Copyright 2008 by United Press International
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Thursday, May 8, 2008

Possible genetic link to obesity found

LONDON (UPI) -- British and other scientists say they've discovered a gene sequence that is linked with weight gain and a tendency to develop type 2 diabetes. The researchers say their findings also show the gene sequence is significantly more common in those with Asian Indian rather than European ancestry.

The study, funded by the British Heart Foundation, could lead to better ways of treating obesity, researchers said. Scientists from Imperial College London and other international institutions discovered the sequence is associated with a nearly 1-inch expansion in waist circumference, a 4-pound gain in weight, along with a tendency to become resistant to insulin, which can lead to type 2 diabetes.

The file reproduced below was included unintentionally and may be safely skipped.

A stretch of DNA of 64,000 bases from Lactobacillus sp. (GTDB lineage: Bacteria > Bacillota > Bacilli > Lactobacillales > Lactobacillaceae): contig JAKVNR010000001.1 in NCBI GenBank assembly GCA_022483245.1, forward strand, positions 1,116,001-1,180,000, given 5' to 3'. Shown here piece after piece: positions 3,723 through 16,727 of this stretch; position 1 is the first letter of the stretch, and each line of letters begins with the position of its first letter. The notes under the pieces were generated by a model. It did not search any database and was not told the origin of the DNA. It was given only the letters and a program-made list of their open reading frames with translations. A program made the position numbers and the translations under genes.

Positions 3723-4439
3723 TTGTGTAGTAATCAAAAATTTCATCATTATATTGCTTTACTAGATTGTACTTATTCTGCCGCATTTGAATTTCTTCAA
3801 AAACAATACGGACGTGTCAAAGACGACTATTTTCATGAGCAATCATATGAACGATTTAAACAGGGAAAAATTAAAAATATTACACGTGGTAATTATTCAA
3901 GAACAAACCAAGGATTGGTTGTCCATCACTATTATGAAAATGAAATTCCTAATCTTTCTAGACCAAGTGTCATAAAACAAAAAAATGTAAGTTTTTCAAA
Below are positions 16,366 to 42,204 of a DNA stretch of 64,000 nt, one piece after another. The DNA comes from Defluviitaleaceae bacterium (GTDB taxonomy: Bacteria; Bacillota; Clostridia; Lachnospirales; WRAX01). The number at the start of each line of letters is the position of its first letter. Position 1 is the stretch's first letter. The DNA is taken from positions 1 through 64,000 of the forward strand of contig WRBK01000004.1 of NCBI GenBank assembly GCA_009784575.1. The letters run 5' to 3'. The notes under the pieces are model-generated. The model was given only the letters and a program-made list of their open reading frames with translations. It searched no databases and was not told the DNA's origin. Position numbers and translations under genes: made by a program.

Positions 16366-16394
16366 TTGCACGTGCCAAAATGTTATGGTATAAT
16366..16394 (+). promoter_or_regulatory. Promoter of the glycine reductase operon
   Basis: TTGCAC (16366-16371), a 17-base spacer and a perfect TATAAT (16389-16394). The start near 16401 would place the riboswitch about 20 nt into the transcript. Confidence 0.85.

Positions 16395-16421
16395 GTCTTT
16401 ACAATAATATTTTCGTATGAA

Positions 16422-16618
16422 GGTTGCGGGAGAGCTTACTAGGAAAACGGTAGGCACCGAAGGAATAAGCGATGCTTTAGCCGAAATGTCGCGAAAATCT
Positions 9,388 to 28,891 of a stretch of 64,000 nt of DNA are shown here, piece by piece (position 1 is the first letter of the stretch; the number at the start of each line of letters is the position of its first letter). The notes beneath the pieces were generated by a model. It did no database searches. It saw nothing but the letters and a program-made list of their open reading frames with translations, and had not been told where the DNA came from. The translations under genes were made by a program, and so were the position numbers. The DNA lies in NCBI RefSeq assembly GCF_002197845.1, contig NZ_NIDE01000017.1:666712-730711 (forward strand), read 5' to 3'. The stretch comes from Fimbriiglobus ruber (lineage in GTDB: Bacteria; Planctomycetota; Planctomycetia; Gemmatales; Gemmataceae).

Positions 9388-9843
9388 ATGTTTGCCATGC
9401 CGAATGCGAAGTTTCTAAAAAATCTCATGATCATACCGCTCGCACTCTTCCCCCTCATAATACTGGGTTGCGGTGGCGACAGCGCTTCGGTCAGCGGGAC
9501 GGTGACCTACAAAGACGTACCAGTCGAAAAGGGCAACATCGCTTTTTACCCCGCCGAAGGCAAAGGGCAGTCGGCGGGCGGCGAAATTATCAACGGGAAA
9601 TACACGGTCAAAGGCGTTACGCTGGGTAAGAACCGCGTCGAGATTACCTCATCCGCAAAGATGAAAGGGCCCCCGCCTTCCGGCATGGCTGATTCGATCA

The sequence is found in 50 percent of the U.K. population. "Until now, we have understood remarkably little about the genetic component of common problems linked with obesity, such as cardiovascular disease and diabetes," said Imperial College London Professor Jaspal Kooner, the paper's senior author.

"Finding such a close association between a genetic sequence and significant physical effects is very important, especially when the sequence is found in half the population.? The study is detailed in the journal Nature Genetics.

Copyright 2008 by United Press International
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Tuesday, April 29, 2008

Viruses may be linked to lung cancer

LOUISVILLE, Ky. (UPI) -- U.S. and Israeli researchers suggest viruses may have a role in the development of lung cancer.